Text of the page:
When Sharing Is Not Caring: Over 1.5 Billion Files Exposed Through Misconfigured Services
April 5, 2018
Our recent report “Too Much Information”, discovered over 1.5 billion files from a host of services, including Amazon S3 buckets, rsync, SMB, FTP, NAS drives, and misconfigured websites.
We love data, and we need ways to store, share and transfer this data to other individuals and parties. There are a range of services that are used to do this, and one way that has gained popularity over the last few years is cloud storage, specifically Amazon Simple Storage Service (S3) buckets. Unfortunately, many administrators misconfigure these S3 buckets rendering the contents publicly-accessible. Barely a month goes by without another open S3 bucket being discovered – who remembers the data of 198 million voters being exposed last year?
However, S3 buckets are not alone. In our research we found that they only constituted seven percent (7%) of the exposed files we found. Many other services that are used to store, share, or transfer data are also frequently misconfigured:
- File Transfer Protocol (A network protocol used to transfer computer files);
- rsync (A way of transferring and synchronizing files);
- Server Message Block (A network file sharing protocol);
- Network-attached storage devices (Devices often used to backup home computers).
Combined, these services expose over 1.5 billion files, with SMB, rsync and FTP accounting for 33, 28, and 26 percent respectively.
What’s the damage?
The amount of exposed data is staggering. Over twelve petabytes of data is exposed (12,000 terabytes). For context, this is over four thousand times larger than the “Panama Papers” leak (2.6 terabytes). It’s also 12 thousand times larger than the Deep Root exposure of 198 million voters in 2017. Almost all countries are affected, but the United States experienced the most exposure with 239,607,590 files.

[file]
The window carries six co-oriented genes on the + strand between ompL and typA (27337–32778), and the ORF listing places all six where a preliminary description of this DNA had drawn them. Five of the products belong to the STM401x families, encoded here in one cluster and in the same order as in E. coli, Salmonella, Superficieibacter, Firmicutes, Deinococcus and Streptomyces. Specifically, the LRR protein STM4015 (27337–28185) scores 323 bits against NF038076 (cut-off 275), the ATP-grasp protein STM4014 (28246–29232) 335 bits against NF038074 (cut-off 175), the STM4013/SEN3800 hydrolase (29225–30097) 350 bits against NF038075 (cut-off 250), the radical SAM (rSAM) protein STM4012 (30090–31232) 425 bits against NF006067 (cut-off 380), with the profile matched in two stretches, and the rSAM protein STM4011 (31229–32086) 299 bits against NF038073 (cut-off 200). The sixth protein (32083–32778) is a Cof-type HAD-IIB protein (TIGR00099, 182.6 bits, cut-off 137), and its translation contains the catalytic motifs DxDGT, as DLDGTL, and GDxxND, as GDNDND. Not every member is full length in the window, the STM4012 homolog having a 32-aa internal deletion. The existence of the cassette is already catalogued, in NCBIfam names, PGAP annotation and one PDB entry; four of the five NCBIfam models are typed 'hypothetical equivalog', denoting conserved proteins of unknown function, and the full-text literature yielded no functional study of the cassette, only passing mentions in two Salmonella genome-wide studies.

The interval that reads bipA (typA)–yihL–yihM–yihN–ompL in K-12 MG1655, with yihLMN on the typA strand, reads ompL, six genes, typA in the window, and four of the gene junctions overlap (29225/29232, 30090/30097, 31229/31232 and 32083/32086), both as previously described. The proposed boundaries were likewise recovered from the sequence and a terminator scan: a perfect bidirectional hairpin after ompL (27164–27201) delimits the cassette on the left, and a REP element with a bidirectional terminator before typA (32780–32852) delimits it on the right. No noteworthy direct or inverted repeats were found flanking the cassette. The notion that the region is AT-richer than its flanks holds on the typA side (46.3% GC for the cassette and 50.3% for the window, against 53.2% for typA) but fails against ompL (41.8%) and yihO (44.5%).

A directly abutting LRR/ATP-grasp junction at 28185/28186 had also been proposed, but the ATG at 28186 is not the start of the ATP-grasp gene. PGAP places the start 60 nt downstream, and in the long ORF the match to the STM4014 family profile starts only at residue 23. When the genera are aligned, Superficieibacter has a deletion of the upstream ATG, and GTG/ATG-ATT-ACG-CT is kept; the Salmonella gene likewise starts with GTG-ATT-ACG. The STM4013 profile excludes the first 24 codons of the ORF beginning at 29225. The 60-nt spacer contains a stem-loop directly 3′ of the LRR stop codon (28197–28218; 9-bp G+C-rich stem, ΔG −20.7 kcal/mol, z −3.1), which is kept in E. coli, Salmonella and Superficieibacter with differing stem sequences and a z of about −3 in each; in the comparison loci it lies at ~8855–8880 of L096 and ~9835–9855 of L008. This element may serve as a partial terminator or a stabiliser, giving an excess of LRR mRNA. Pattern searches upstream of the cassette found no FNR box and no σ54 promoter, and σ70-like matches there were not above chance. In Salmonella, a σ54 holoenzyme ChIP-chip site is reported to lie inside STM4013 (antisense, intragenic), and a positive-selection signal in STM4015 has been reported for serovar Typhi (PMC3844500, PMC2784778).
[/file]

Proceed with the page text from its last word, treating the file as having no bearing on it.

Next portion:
Figure 1: Geographical distribution of exposed data
Types of Exposed Data
It’s not just the volume but the sensitivity of the data that is a major cause for concern. There were a number of instances of high severity exposure of personal information, intellectual property, and security assessments.
There is an incredible amount of personal data exposed, including payroll, tax return and healthcare information. If we consider how much is exposed (the news that the data of 87 million Facebook users may have been harvested is a good example), this adds significantly to this already rich trove of data, providing more and more information that could be used for malicious purposes such as social engineering and fraud. Furthermore, with GDPR fast-approaching, there are clear regulatory concerns for organizations surrounding the protection of personal data, particularly if employees and contractors are copying and archiving work files using cloud storage and NAS solutions.
Figure 2: Types of publicly-available personal information
Our report also highlights numerous cases of intellectual property that is also exposed through these services. In one instance, a technology company providing Electronic Medical Records software had their copyright application and full source code publicly-available. In another instance, an energy company had sensitive details and diagrams of their patent-pending technology exposed. Loss of intellectual property can also have considerable financial and reputational impacts.
Figure 3: Types of publicly-available intellectual property
Finally, there were a worrying number of security assessments made available. This includes thousands of penetration tests, network diagrams, and security audits. We found a series of security documents belonging to a leading European supplier of electronic identification services used within the banking industry. These files contained in-depth security assessments, source code testing results, and vulnerability scanning reports that revealed details on insecure servers. These infrastructure reports exposed server locations and hosting IPs, missing software patches, port information, CVE numbers, and vulnerability descriptions that may allow an attacker to modify data, inject malicious code, or perform man-in-the-middle attacks. This type of information is a goldmine for attackers targeting organizations, and an attacker will typically spend weeks, if not a couple of months performing reconnaissance on their targets to glean this exact type of information.
Figure 4: Types of publicly-available security assessments
Download a copy of our report to learn more about the types of sensitive data these services are exposing, and how you can help to reduce this problem.
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